Speculation about Brian J. Smith’s sexuality has been raging for a while, but in the December issue of Attitude, the actor finally put the rumors to bed by talking openly about his sexuality for the first time. Speaking about the hardship of growing up closed in the Dallas superb of Allen, Texas, the actor revealed he’d come out to his parents over 8 years ago, and has finally learned to channel his childhood pain into his work. To learn more about the Tony-nominated actor, keep reading.
1. Michael Urie was an early mentor
As a kid, Smith performed in numerous high school productions and even dabbled in community theatre. It was at community college that Smith first met Ugly Betty star Michal Urie, who, impressed with Smith’s talents, encouraged him to try out for Julliard. Smith did, and subsequently landed a place on a four-year acting program at the famous New York School.
2. He almost enrolled in the army
After graduating from Julliard, Smith suffered so many setbacks in his attempts to make it as an actor, he came close to throwing in the towel and joining the army. “I was two months behind in the rent, I didn’t have insurance and I’d just auditioned for [a role] and was told they went with somebody else,” Smith told NY Post. “I figured, it’s a sign! I went to the recruitment office on West 72nd Street and was going to show up the next morning at 8 for a physical.” Fortunately, his agent called him just in the nick of time, revealing the part he’d thought he’d lost was now his for the taking. “He screamed, ‘What!? You can’t do that – you have to be in New Mexico next month,” Smith went on to share. “The other guy passed, and the role is yours!’”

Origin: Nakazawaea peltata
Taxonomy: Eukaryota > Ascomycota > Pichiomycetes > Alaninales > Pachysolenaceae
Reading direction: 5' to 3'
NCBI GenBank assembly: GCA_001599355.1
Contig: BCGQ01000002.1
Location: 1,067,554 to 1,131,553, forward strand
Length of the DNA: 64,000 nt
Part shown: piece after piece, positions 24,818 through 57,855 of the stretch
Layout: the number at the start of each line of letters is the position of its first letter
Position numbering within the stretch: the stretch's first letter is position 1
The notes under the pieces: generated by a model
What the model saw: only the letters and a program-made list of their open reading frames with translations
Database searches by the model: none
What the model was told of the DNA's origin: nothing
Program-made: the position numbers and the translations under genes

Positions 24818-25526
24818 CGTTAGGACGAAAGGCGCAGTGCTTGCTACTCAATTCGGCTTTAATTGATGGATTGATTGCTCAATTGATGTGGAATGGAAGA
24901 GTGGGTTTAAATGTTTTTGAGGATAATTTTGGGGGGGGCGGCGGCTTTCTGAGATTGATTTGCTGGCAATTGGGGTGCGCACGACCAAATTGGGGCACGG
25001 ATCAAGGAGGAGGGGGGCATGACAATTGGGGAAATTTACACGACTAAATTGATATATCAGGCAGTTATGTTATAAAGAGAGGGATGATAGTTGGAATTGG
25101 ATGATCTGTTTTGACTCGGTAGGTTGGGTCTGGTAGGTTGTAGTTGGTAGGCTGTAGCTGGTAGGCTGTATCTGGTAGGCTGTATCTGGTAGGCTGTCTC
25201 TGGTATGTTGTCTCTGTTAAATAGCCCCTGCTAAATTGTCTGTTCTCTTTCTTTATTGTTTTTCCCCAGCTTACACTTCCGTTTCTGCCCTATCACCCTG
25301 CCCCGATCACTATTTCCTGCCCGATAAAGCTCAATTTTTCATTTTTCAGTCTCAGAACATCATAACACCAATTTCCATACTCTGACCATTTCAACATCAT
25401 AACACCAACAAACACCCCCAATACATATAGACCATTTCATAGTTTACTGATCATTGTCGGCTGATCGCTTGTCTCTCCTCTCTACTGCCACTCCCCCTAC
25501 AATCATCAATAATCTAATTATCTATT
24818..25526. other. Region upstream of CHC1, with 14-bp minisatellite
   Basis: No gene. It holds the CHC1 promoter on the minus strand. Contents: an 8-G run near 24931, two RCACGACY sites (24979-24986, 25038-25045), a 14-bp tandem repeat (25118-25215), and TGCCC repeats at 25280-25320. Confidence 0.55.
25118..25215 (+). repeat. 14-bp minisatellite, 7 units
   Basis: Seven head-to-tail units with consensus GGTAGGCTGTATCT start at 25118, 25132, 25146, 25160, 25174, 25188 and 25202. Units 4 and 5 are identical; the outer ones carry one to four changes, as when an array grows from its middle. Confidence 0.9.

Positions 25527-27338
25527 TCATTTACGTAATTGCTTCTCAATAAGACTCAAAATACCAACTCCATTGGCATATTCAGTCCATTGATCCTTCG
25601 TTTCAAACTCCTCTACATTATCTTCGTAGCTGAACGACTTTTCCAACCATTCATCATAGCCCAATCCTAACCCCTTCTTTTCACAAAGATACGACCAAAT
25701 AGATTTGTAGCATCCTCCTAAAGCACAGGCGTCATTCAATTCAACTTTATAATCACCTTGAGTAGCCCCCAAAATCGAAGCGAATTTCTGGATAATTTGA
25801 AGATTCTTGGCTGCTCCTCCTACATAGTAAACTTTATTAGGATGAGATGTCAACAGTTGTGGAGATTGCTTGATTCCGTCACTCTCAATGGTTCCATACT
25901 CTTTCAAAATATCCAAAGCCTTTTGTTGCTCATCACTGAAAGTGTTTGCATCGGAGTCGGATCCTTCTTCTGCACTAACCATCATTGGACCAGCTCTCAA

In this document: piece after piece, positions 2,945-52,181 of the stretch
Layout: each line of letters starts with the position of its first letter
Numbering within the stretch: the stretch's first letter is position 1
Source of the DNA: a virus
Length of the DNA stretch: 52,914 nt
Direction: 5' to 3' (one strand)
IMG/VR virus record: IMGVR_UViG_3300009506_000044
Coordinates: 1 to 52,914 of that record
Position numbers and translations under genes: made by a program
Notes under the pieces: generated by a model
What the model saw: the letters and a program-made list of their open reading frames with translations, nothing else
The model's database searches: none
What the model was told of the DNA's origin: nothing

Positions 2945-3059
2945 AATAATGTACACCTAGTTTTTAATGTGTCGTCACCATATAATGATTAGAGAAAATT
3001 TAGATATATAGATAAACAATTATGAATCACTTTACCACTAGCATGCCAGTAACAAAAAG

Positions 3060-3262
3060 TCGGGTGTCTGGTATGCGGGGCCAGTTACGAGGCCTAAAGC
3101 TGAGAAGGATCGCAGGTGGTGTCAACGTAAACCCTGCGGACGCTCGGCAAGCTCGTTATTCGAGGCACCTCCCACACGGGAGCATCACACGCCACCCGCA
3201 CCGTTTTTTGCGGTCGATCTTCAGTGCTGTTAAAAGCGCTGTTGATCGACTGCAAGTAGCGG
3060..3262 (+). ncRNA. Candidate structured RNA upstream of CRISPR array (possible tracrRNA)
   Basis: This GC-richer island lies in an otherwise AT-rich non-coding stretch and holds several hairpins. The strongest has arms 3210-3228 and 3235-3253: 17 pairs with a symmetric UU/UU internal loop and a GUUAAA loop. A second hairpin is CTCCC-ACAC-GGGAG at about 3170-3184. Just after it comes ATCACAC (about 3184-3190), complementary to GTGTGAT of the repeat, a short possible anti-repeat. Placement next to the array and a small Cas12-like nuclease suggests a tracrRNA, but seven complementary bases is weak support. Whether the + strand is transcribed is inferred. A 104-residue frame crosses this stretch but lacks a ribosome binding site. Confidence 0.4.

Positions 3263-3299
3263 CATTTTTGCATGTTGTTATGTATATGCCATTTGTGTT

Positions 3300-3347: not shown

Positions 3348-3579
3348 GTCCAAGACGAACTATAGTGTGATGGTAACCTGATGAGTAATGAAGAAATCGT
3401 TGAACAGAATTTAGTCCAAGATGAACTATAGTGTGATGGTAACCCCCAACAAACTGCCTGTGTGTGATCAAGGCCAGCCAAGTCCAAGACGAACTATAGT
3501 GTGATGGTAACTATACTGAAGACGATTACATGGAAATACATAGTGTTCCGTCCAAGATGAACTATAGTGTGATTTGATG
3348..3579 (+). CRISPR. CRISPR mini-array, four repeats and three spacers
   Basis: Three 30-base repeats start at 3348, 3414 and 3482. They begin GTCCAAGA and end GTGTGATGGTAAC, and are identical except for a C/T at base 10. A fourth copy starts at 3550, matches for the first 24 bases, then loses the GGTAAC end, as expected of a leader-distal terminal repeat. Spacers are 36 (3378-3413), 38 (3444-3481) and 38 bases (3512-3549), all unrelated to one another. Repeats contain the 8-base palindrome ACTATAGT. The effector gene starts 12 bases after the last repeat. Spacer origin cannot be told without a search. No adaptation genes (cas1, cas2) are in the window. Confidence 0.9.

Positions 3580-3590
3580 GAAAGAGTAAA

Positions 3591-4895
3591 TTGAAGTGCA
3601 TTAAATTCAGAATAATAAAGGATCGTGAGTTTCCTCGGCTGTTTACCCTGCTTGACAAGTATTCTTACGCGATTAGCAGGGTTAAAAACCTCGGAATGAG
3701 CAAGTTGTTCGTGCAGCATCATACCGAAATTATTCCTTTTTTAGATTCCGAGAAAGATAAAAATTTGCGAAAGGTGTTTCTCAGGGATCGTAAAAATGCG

3. His film debut was in Hate Crime
After starring in several theater productions to great reviews, Smith landed his first film role in the 2005 movie, Hate Crime. In the film, Smith portrays the character of Trey, a young gay man who becomes the victim of a homophobic hate campaign. Despite receiving scathing reviews, the film picked up a slew of awards, including Best Feature Film at the Dallas Audience Awards, Audience Award for Best Feature and Q Award for Best Feature at the Fort Worth Gay and Lesbian International Film Festival, and Director’s Choice Award for Best Feature and Audience Award for Best Feature at the Sedona International Film Festival.
4. His first TV appearance was in Law & Order
In 2009, Smith made the transition from film to TV with a minor role in the long-running series, Law and Order. That same year, he was cast in the leading role of Matthew Scoot in Stargate Universe, a role he later reprised in Stargate Universe Kino. Since then, Smith has appeared in a host of popular TV shows, including Gossip Girl (2011), Coma (2012), The Good Wife (2012), Blue Bloods (2013), Sense8 (2013-2018), Treadstone (2019), and World on Fire (2019).
5. He’s a Broadway sensation
Theatre was where Smith started his acting career, and theatre is where he’s achieved a lot of his success. His portrayal of Alex in A Clockwork Orange in a Quad C Theatre production drew raves reviews in his Julliard days, while his performances in Broadway’s Come Back, Little Sheba (2008), The Columnist (2012), and The Glass Menagerie (2013) have been equally well received.